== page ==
A larger, 4/5-mile section of the viaduct stretches with fortresslike walls from Fairmount Avenue to Vine Street. Across Broad, the old railroad line drops below street level, running through a subterranean channel from the former Inquirer and Daily News building to Fairmount Park at Girard Avenue.
But, for now, the focus is on the spur - which has the advantage of being owned by SEPTA, a cooperative public agency.
The rest of the elevated viaduct remains in the hands of the old Reading Co., a 19th-century railroad power now transformed into a California real estate venture that owns movie theaters. The city had conversations with the company several years ago, but nothing since.
"Before we go to them about the rest of the viaduct, let's demonstrate that we can take that first step," said Paul Levy, chief executive of the Center City District. "We're looking at this as sort of a proof of concept."
Work on the spur, which would include landscaping and adding stairs to street level, plus some environmental remediation and waterproofing of the leaky underside, is expected to cost $8.6 million.
The city has pledged $1.8 million over two years from its capital budget, while the state has included $3.5 million in its Redevelopment Assistance Capital Program.
Neither sum is guaranteed, and private money will be necessary in any case. Levy said the William Penn Foundation, which supported a viaduct feasibility study in 2010, has pledged funding for construction but isn't ready to reveal how much.
The project that was the inspiration for the viaduct - New York's High Line, built on an old, elevated freight line - helped spark a building boom on Manhattan's once-desolate West Side.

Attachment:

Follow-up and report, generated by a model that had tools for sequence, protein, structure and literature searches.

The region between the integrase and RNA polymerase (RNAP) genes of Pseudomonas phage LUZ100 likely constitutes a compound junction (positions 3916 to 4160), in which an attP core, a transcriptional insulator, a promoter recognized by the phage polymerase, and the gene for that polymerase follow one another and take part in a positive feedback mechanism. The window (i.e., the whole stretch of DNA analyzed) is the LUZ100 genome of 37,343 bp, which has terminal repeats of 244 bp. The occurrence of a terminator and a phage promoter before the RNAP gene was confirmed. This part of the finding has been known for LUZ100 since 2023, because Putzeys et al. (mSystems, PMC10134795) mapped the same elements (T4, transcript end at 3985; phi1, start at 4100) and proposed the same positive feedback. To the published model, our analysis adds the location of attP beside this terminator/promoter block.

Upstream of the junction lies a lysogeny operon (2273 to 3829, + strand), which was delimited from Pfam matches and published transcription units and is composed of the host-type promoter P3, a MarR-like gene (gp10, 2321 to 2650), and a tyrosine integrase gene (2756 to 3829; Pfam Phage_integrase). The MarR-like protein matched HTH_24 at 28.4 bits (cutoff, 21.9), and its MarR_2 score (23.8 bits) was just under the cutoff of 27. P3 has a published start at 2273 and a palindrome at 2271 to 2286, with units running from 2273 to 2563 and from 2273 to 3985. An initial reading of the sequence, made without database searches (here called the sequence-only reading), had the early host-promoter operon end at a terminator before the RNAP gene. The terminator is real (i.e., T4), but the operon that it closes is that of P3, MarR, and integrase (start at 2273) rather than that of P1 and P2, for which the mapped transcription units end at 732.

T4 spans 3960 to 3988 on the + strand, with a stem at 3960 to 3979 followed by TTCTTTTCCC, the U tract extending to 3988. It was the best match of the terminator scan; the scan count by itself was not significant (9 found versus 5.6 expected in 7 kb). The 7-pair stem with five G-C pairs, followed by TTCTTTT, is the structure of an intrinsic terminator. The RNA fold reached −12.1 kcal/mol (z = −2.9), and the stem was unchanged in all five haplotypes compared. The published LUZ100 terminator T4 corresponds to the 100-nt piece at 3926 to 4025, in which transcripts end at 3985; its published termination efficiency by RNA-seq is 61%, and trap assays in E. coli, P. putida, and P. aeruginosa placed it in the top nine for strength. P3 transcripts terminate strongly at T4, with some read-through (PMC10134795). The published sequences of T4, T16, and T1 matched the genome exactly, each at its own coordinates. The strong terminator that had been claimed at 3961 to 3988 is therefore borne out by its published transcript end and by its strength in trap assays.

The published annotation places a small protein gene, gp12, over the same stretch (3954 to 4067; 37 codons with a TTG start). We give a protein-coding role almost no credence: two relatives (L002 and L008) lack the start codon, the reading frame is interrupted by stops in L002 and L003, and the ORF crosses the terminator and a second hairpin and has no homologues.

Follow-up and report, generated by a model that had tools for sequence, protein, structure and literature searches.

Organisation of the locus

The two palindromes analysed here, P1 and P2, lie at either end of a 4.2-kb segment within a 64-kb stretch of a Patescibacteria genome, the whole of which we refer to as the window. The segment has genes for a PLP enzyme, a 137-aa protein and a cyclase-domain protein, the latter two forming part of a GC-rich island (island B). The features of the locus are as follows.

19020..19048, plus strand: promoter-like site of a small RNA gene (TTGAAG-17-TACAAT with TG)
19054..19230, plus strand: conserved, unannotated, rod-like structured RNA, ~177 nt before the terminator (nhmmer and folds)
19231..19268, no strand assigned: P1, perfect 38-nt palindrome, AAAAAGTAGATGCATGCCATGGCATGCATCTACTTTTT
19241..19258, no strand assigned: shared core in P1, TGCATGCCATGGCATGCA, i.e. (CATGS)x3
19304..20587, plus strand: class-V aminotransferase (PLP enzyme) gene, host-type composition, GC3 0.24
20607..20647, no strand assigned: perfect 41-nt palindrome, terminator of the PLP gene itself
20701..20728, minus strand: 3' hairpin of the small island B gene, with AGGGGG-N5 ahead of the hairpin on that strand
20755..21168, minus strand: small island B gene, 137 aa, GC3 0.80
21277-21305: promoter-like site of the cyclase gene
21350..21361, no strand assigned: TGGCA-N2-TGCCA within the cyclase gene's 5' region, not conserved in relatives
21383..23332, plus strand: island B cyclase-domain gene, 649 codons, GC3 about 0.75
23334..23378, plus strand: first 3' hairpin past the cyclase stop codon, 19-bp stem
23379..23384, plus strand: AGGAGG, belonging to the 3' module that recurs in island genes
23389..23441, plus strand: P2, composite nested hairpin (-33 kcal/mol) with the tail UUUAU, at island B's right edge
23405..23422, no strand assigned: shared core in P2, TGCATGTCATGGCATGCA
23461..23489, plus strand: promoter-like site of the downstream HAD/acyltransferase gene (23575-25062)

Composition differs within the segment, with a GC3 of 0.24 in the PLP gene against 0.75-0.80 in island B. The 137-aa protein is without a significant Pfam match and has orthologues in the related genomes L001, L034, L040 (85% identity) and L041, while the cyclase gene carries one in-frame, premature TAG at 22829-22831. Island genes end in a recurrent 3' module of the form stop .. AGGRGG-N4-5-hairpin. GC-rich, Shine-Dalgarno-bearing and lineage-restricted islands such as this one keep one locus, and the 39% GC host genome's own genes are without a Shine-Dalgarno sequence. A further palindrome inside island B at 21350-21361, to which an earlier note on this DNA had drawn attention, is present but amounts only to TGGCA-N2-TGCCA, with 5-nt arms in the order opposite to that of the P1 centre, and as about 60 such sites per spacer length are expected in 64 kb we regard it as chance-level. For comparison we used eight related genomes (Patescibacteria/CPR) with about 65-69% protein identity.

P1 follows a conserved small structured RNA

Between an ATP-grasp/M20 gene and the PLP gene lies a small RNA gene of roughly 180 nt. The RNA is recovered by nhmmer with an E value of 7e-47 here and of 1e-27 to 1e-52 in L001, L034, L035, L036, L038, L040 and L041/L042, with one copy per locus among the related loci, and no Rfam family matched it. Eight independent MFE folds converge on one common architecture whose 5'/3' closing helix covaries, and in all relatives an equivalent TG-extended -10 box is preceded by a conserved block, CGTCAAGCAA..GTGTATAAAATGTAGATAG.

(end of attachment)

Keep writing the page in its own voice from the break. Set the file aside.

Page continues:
Levy and the Center City District, which serves as a business improvement mechanism for the downtown area, became interested in the viaduct after seeing the High Line's success.
The viaduct slices through an area between Chinatown and Fairmount Avenue that has been growing through loft conversions and other new housing, but remains something of a wasteland of former factories and warehouses. Levy has referred to the neighborhood as the "hole in the doughnut" of Center City's continued expansion.
The neighborhood activists, though, aren't waiting for government dollars - they already have begun planning for the caring and programming at the rail park. (Although the property would come under control of the city Department of Parks and Recreation, some sort of partnership with a neighborhood nonprofit is likely.)
Sarah McEneaney, an artist, and John Struble, a furniture-maker, teamed up in 2003 to found the Reading Viaduct Project. Last fall, they merged that organization with Friends of the Rail Park, a group dedicated to transforming the underground section west of Broad.
The two groups joined forces after working together on a block party to raise money for maintenance of the viaduct park. So far, they have raised more than $70,000.
"We started out as advocates," McEneaney said. "We know we're going to morph into caretakers."
The once-mighty Reading Railroad had been a victim of changing times. The viaduct last carried trains in 1984, when the Center City commuter rail tunnel opened, linking Reading's old routes into SEPTA.
But the railroad's name and legacy have lived on here, and not just because of its spot on Monopoly boards. Reading's headhouse now serves as the ornate Market Street frontage for the Convention Center, and the train shed is now better known for the Reading Terminal Market.
If the rail park is completed, the project would be another example of Reading's antiquated infrastructure being folded elegantly into the city's modern life.
Deputy Mayor Alan Greenberger, who has supported the viaduct project, said completing the spur should create momentum.
"It will turn out to be a great little park," he said. "If nothing else, it will make people clamor for more."